There was mist on the mountain this morning, the air hardly moving, a slow drift of indistinctness through the pines. Nonetheless we were able to find the road and so continue the climb, discussing War and Peace and war and peace. News from down below was scarce but a text message was received which told us of the man on the soapbox. Somebody laughed, somebody shuddered. But then a figure emerged from the memory banks: Lord Soper. Like an icon I had grown up with and then lost sight of. A man of the 20th century, born 1903, died 1998 in his favourite armchair, according to the obituary in the Guardian. A Methodist, a man of principle: pacifist, socialist, Christian, CND, anti-blood sports campaigner, teetotaller, an almost endless list of principles. And also, of course, always on his soapbox, literally and figuratively, at Tower Hill and Speaker’s Corner, rain and shine, combative, ready for argument. His mind formed, or forged might be a better word, in the heat of Methodism.
Dante’s Commedia famously gets going in a dark forest, the dark forest of a mid-life crisis as we might call it nowadays. Life gone wrong and he’s thirty five which means that he cannot even join his local chapter of Men Beyond 50. So, as I am currently reading Prue Shaw’s Reading Dante: From Here to Eternity, and translated chunks of the Commedia, it seemed to me that there was some sort of parallel to be drawn between Dante and Soper involving this notion of being men of principle. They lived out those principles with whatever sacrifice that entailed. It sounds to me that Soper had a rich cultural and spiritual life and I hope that Dante had that too. The journey of the Commedia initially with Virgil and later with Beatrice whilst a work of literature must also be a version of his own life from the dark forest onwards. My only hesitation is the harsh, and is it bitter?, expression on his face as it is portrayed. Was it the painful personal cost of his exile? Whilst Soper was banned from speaking on the BBC during WWII that can’t be exactly compared to exile from Florence with the promise that his return would mean being burned alive though later this was changed to decapitation.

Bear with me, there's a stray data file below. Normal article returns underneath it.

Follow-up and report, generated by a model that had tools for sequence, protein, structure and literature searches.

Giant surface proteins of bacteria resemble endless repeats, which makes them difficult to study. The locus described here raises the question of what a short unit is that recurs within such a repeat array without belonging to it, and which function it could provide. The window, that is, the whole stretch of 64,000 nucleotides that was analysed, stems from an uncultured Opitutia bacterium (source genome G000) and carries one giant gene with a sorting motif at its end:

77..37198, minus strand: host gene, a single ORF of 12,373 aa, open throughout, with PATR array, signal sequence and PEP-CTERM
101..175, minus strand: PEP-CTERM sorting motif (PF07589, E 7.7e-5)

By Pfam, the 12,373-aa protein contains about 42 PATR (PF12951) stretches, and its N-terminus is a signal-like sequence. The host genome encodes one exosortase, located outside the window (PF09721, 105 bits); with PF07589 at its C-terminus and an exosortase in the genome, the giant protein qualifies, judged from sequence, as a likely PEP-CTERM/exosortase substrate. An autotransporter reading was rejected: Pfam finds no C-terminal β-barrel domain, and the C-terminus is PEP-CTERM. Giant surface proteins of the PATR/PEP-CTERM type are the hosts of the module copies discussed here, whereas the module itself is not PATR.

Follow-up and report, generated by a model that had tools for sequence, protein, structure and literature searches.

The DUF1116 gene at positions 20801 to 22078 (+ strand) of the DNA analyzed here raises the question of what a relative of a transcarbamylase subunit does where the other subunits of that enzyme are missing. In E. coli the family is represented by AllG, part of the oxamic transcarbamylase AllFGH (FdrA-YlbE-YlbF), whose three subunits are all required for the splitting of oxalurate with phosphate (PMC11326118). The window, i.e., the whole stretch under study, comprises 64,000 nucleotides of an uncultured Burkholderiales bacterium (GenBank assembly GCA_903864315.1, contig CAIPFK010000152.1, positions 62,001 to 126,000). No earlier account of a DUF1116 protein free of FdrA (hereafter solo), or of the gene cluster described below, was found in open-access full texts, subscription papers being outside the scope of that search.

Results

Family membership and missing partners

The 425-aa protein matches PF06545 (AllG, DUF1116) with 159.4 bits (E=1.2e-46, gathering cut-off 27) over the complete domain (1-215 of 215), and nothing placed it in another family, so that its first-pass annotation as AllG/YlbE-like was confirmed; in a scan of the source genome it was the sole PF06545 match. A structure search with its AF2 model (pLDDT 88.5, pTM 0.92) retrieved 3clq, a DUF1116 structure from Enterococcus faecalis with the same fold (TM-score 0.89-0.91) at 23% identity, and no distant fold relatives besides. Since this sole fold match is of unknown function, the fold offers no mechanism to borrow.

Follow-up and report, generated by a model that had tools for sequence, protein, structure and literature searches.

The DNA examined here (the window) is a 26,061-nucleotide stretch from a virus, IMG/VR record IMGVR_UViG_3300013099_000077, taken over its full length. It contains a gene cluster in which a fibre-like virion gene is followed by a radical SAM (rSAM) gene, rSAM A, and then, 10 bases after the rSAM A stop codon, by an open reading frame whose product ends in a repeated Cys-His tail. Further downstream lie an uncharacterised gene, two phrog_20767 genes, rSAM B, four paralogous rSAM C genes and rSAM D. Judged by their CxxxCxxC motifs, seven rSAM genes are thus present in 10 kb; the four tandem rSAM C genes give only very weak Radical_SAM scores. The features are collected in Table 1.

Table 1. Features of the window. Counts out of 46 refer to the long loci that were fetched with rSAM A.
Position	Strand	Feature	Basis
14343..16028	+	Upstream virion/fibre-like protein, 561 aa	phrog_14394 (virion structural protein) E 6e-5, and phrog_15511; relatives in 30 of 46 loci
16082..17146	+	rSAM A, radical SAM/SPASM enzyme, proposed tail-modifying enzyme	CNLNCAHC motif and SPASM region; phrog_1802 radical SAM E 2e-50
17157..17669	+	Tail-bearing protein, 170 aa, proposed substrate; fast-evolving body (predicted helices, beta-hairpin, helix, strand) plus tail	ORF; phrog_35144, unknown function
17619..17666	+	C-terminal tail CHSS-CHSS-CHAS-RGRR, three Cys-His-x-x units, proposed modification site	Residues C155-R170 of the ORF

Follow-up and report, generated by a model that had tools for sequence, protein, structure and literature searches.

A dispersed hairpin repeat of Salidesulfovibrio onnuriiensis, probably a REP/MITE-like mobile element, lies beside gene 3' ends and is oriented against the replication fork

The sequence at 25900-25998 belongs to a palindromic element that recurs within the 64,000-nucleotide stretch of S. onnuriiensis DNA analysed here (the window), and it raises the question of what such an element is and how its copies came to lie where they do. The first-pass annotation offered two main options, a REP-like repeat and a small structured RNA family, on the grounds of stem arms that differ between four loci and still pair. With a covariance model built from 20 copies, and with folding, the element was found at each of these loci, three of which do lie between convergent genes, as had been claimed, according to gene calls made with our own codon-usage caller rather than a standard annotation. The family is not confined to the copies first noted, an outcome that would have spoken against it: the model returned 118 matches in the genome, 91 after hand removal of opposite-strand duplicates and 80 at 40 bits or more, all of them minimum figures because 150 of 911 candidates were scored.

To what degree, I ask myself, have I lived out the principles, that I confess to? Have I stood up on some metaphorical soapbox and argued for what I believe in? Not really. But could it be said that I did in fact commit to the possibilities of radical transformation via the work of psychotherapy, starting from the question of what is it to be human. To be sure a quieter form of work . . . and would I mount the barricades of my beliefs when (or if) the time comes. We shall see.